Using Google Sheetsâ€™ conditional formatting feature, we can alter the color of a cell-based on its value. Weâ€™ll show you how to create both single color and multi-color heatmaps.
Conditional formatting heatmaps are a great way to show you a spike in sales or a dip in a studentâ€™s grades. This allows us to pinpoint problems and fix them asap.
Hereâ€™s how to create a heatmap in Google Sheets:
- Select the area you would like to apply the heatmap to. This can be a column, row, or two-dimensional array.
- Right-click/two-finger tap to open the options menu and click â€œconditional formattingâ€ OR click â€œFormatâ€ then â€œConditional Formattingâ€ in the toolbar
- After the Conditional Formatting menu opens up, select â€œColor Scale.â€ Now we have our Heatmap!
Multi-color heatmaps make it even easier to spot data thatâ€™s higher or lower than the usual range by adding eye-catching colors to your maximum and minimum values.
After following the steps above (select the area and apply conditional formatting), make sure to click the â€œcolor scaleâ€ column.
We can head over to â€œMax Value,â€ and click the paint bucket color selector icon to choose a color. I chose Green for the max value and Red for the min value.
When we look at the heatmap we can see which days brought us the most ice cream sales. But, on Thursday of Week 2 we had 42 sales which is way more than any of the other days, pretty much drowning out the other variation.
Digging Deeper (Advanced Settings)
To show greater detail, we can adjust the min and max points. Letâ€™s say that we need to sell exactly 5 ice cream cones to break even. I would want to place any numbers below 5 in red (since Iâ€™m losing money).
Changing the midpoint
Locate the â€œmidpointâ€ section in the Color Scale tab and change the option to â€œNumberâ€ and set it to 5 (or whatever your break-even price is). Now we can see which days we were losing the most money, however, we canâ€™t see many variations in the green cells. To do this, letâ€™s exclude outliers from our heatmap
Excluding Outliers in your Heatmap
If we usually have high sales at 10 ice cream cones per week, most of our data will be below 10, so there is no reason to â€œdiluteâ€ the scale with an outlier such as 42.
Let’s set the â€œMaxpointâ€ to a number, then make it 10.
Now all numbers above 10 will be this exact dark green, allowing us to see more detail where it is needed.
The best thing about this conditional formatting heatmap is that itâ€™s dynamic meaning it will change whenever you enter new data.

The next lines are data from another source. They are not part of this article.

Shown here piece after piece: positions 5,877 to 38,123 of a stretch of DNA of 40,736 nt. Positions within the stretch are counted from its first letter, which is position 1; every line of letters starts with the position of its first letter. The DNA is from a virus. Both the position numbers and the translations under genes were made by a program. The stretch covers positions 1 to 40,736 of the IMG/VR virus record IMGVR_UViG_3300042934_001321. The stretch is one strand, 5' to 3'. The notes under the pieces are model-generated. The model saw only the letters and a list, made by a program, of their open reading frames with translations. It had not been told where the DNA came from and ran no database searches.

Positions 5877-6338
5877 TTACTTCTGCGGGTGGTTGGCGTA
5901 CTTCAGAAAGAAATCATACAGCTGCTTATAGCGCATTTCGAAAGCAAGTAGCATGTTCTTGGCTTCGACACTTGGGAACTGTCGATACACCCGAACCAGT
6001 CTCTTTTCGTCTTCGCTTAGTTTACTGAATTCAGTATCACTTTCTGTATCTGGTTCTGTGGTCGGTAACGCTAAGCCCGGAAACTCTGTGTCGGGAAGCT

Now letâ€™s see how we can use heatmaps in real-world situations.
We can use heatmaps to see which students scored well and who performed badly on each exam. This allows educators to better serve their students.
First, weâ€™ll select our grades, then apply conditional formatting (shown above).
Make sure you reorder the conditional formatting rules so that this one takes precedence over the one already there or else youâ€™ll end up with this.
To reorder the conditional formatting rules just head over to the conditional formatting bar. Hover over a rule, then hold down when three vertical dots appear. Simply drag it above the previous rule.
However, our current spreadsheet shows us the highest and lowest numbers. To show the highest numbers of just one test, we need to select each column individually.
To do this open up our conditional Formatting rule, and click on the grid icon next to the range input field. While holding the â€œCTRLâ€ or â€œCMDâ€ key select the first cell and drag your mouse pointer down to the end of the column like this:
Now click done â€œadd another rule.â€ This automatically saves and duplicates the current rule, so you can simply repeat the process for each column.
Now we can see how students are performing with a simple Google Sheets heatmap.
Taking Heatmaps to the Next Level
Way back in seventh grade science, we were tasked with monitoring plants after we altered a variable in their environment. Our group decided to add sponges and paper towels (spowels) to see if the plant would last longer in a simulated drought.
Keeping neat data is important, and I forced my group to use a spreadsheet instead of a table (like everyone else). And lets just say, spreadsheets are very powerful.
Now that Iâ€™m looking at it, I probably shouldâ€™ve put a label stating that we were measuring plant height in cm (it was seventh grade).
But we were able to use conditional formatting to track the growth of each plant, but the coolest part was tracking the plantâ€™s color.
We wanted to track the color of the plant to track itâ€™s health, so we set up conditional formatting so the exact colors (recorded in PMS) of each plant were shown in each cell.
Iâ€™ll just say that our final presentation was pretty cool. Remember, spreadsheets are always better than paper data tables.